In 2011, $977.8mn of US aid went to Jordan. Human Rights Watch reported that Jordan had been turning away Syrian refugees who happen to be of Palestinian heritage, or sending them to holding camps near Ramtha, simply for being Palestinian. Jordan also prohibits the right to convert from Islam. Are we not complicit in that too? Should we be singling out Jordan for how their anti-apostasy laws, and their ill treatment of Palestinians?

The Democratic Republican of Congo received $5532.5mn in US aid in 2011, despite torture of civilians by authorities, and members of the army using rape as a way to punish those from communities they dislike. Are we complicit with those too, and should Hasan therefore be more vocal in his criticism?

Let’s also not forgot that George Galloway handed £25,000 to Hamas live on TV a few years back. That was in 2009. On April 7th 2011, Hamas shot a Kornet anti-tank missile at a school bus in southern Israel, killing 16 year old Daniel Viflic. If even a penny of that £25,000 went to procuring the missile that killed Viflic – or any act of violence since 2009 by Hamas – Galloway is complicit, and Hasan remains silent.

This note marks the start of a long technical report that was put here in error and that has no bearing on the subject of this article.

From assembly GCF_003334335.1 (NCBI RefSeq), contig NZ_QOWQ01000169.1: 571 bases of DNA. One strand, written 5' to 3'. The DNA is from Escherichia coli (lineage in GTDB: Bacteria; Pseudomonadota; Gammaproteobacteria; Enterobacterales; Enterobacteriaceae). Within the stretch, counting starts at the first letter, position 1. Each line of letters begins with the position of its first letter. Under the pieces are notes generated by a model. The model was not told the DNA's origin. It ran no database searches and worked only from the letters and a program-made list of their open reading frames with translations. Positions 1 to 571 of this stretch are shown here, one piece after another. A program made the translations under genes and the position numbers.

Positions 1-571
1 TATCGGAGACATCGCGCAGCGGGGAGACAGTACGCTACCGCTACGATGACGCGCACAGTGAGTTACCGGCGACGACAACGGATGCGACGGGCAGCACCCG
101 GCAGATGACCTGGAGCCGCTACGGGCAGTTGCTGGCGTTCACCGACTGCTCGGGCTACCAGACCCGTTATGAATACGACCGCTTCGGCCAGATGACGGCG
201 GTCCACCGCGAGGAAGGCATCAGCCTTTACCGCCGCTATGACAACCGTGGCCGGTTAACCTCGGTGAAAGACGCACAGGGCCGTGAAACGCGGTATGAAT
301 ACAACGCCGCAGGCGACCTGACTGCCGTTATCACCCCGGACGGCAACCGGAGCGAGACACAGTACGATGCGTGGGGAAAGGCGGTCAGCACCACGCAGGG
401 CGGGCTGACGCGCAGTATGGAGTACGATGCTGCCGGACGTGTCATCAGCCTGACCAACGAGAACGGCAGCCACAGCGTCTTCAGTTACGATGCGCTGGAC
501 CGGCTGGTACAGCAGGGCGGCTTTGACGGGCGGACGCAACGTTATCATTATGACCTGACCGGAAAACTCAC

Hasan goes on to ask:

“Which other country is in receipt of $3billion a year in US aid, despite maintaining a 47-year military occupation in violation of international law?”

“Which other country’s prime minister could “humiliate” – to quote the newspaper Ma’ariv – a sitting US vice-president on his visit to Israel in March 2010, yet still receive 29 standing ovations from Congress on his own visit to the US a year later?”

- Well, they’re very specific comparative criticisms. He’s right. No other country has maintained a 47-year military occupation, receiving $3bn in US aid. However, that particular crime (and it is a crime) doesn’t negate the crimes of other nations receiving similar amounts. It’s just one specific crime he mentions. For example, Whilst the US gave just over $3bn in aid to Israel in 2012, it gave over $12bn in economic and military aid to Afghanistan in 2012. This, despite Aghanistan’s National Security Agency accused of torturing suspects, and harassing journalists, and despite the LGBT community facing long jail terms and despite Karzai signing into law the hideously misogynistic ‘Shia Family Law’. Israel may be occupying a region, but in Afghanistan, religious supremacists occupy the entire country, by enshrining its unjustifiably privileged position into the function of state. To rephrase Hasan’s question, which other country is in receipt of $12bn in US aid, despite enshrining religious supremacy to the point where women and the LGBT community are relegated to second class, and criminals?